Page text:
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Companies in the UK face a multibillion-dollar bill after a court ruled that overtime should be a factor in the calculation of holiday pay. This means the more overtime a worker does, the higher his or her holiday pay should be. An employment tribunal said it was wrong for companies just to consider basic working hours when determining holiday pay. It ruled that thousands of companies must recalculate their holiday pay. Tens of thousands of workers can now make claims from their employers backdated to as long ago as 1998. The tribunal also stipulated that voluntary overtime and time spent being on stand-by for emergency call-outs should be included when calculating holiday pay.
Over 15 per cent of British workers do overtime. The British government has said the new change in employment law is unacceptable and "ludicrous". It said: "We do not believe voluntary overtime should be included in holiday pay and are concerned about the potential impact on employers." An organisation of British companies said the cost to businesses will be "unbearable" and may have serious implications for Britain's economy. A labour union was pleased with the tribunal's announcement. It said: "This ruling not only secures justice for our members who were short-changed, but means employers have got to get their house in order." It said it would fight for workers to "receive their full entitlement".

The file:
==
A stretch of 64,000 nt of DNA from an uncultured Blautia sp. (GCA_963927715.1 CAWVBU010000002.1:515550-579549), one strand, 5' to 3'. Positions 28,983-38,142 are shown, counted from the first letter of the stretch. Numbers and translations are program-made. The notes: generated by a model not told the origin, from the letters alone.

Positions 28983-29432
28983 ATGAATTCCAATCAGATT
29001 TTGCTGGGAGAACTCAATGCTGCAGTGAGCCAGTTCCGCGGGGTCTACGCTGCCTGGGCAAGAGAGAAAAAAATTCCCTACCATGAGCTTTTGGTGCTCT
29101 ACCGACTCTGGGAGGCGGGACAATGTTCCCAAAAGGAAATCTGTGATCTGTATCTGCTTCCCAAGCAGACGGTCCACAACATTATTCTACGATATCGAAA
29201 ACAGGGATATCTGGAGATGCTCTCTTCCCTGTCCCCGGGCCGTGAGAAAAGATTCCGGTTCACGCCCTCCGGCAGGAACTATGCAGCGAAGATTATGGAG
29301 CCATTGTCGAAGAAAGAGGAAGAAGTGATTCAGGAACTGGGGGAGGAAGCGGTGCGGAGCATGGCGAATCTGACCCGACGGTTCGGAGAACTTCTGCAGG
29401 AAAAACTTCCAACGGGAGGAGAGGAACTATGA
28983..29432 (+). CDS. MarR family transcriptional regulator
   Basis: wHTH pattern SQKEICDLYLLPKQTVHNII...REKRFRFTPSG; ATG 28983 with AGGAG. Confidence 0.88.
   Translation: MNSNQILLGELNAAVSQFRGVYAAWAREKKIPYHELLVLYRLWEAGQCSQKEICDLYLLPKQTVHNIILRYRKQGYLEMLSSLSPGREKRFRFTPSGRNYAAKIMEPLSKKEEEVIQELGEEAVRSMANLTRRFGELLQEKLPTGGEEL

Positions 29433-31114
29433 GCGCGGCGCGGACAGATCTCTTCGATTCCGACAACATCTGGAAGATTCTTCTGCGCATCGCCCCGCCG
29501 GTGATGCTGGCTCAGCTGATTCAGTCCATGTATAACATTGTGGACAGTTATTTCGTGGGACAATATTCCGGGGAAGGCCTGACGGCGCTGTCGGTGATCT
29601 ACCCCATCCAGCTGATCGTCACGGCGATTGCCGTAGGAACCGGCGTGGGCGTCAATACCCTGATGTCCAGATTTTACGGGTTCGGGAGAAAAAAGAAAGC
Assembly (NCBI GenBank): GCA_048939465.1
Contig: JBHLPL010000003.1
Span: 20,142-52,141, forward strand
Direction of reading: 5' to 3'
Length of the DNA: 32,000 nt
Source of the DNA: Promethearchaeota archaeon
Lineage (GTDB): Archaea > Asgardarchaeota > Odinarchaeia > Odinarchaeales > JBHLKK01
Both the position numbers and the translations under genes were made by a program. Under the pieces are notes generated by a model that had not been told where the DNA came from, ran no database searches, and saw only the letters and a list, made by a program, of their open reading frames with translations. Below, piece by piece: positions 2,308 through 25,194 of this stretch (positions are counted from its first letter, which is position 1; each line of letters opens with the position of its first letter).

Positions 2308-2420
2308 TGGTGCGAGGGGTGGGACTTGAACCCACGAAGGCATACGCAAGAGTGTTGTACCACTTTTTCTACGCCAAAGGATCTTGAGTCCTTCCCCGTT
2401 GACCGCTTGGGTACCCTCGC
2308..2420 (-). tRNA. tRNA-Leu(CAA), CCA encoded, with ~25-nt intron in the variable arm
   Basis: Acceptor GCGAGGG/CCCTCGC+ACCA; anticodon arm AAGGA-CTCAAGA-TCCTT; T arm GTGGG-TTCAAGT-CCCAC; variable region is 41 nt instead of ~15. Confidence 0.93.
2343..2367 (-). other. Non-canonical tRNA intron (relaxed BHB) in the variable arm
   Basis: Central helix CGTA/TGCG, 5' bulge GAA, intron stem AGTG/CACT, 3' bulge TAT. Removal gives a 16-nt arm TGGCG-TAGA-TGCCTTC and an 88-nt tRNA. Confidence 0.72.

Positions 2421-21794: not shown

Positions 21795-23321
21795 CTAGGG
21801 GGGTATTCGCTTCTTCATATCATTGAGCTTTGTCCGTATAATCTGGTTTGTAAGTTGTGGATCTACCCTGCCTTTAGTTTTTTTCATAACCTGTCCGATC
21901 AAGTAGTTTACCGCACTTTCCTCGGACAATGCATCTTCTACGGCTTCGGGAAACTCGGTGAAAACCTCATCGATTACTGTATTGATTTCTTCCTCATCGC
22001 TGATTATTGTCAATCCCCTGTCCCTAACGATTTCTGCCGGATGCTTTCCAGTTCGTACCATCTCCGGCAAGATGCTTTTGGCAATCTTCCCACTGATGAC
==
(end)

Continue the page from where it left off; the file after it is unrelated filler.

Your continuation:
Back to the holiday pay lesson.